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Effects of COVID-19 pandemic in a breast unit: Is it possible to avoid delays in surgical treatment?
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  • GAMZE KIZILTAN,
  • BILGE KAGAN CETIN TUMER,
  • Onur Can Guler,
  • Cihangir Özaslan
GAMZE KIZILTAN
Ankara Dr Abdurrahman Yurtaslan Ankara Oncology Training and Research Hospital
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BILGE KAGAN CETIN TUMER
Ankara Dr Abdurrahman Yurtaslan Ankara Oncology Training and Research Hospital
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Onur Can Guler
Ankara Dr Abdurrahman Yurtaslan Ankara Oncology Training and Research Hospital
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Cihangir Özaslan
Ankara Dr Abdurrahman Yurtaslan Ankara Oncology Training and Research Hospital
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Abstract

Background: COVID-19 pandemic has caused fear all around the world. With people avoiding hospitals, there has been a significant decrease in outpatient clinics. In this study, we aimed to compare and explore the first-peak of the pandemic period by studying its effects on patient applications, new diagnoses, and treatment approaches in a non-infected hospital. Methods: We collected data from the first peak of the pandemic period in Turkey, from the pandemic’s declaration (March 11, 2020) to social normalization (June 1, 2020), and compared it with data from a pre-pandemic period with a similar length of time. We analyzed the data of breast cancer patients from application to surgery. Results: The data of 34,577 patients were analyzed for this study. The number of patients who applied to outpatient clinics decreased significantly during the pandemic period. After excluding control patients and benign disorders, a figure was reached for the number of patients who had a new diagnosis of breast cancer (146 vs 250), were referred to neoadjuvant treatment (18 vs 34), and were treated with surgery (121 vs 229). All numbers decreased during the pandemic period, except for surgeries after neoadjuvant treatment (29 vs 27). Surgical treatment approaches also changed. However, the rate of newly diagnosed breast cancer patients treated with surgery was similar in both periods. None of these patients were diagnosed with COVID-19 or died during the pandemic. Conclusion: This study shows that non-infected hospitals can be useful in avoiding delays in the surgical treatment of cancer patients.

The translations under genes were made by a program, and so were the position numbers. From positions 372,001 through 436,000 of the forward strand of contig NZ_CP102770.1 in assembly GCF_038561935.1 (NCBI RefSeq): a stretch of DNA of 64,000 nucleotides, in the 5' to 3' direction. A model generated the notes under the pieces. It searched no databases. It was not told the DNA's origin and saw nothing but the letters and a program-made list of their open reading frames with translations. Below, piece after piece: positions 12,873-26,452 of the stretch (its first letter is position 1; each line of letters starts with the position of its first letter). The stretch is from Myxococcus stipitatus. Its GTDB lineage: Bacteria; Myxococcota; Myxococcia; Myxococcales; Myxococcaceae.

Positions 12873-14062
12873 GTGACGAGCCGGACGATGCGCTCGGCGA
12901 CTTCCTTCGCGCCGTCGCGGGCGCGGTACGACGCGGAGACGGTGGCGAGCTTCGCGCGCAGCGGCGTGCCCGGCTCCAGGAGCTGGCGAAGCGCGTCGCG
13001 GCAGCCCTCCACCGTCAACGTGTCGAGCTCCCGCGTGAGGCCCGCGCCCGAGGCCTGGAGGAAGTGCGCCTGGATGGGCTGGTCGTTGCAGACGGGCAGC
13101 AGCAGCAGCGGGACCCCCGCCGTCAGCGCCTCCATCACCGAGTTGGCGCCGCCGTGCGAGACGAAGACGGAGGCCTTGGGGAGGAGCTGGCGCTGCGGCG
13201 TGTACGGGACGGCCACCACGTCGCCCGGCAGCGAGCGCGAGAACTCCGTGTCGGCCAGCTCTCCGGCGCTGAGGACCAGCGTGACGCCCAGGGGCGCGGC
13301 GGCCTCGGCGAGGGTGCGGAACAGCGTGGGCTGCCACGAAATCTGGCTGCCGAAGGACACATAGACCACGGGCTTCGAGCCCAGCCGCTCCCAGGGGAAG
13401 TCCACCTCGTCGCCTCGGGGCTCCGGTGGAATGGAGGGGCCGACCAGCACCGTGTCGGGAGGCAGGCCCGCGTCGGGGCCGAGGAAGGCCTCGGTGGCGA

Peer review status:UNDER REVIEW

09 Feb 2021Submitted to International Journal of Clinical Practice
10 Feb 2021Submission Checks Completed
10 Feb 2021Assigned to Editor
24 Apr 2021Reviewer(s) Assigned
29 Apr 2021Review(s) Completed, Editorial Evaluation Pending
09 Jun 20211st Revision Received
12 Jun 2021Assigned to Editor
12 Jun 2021Submission Checks Completed
12 Jun 2021Review(s) Completed, Editorial Evaluation Pending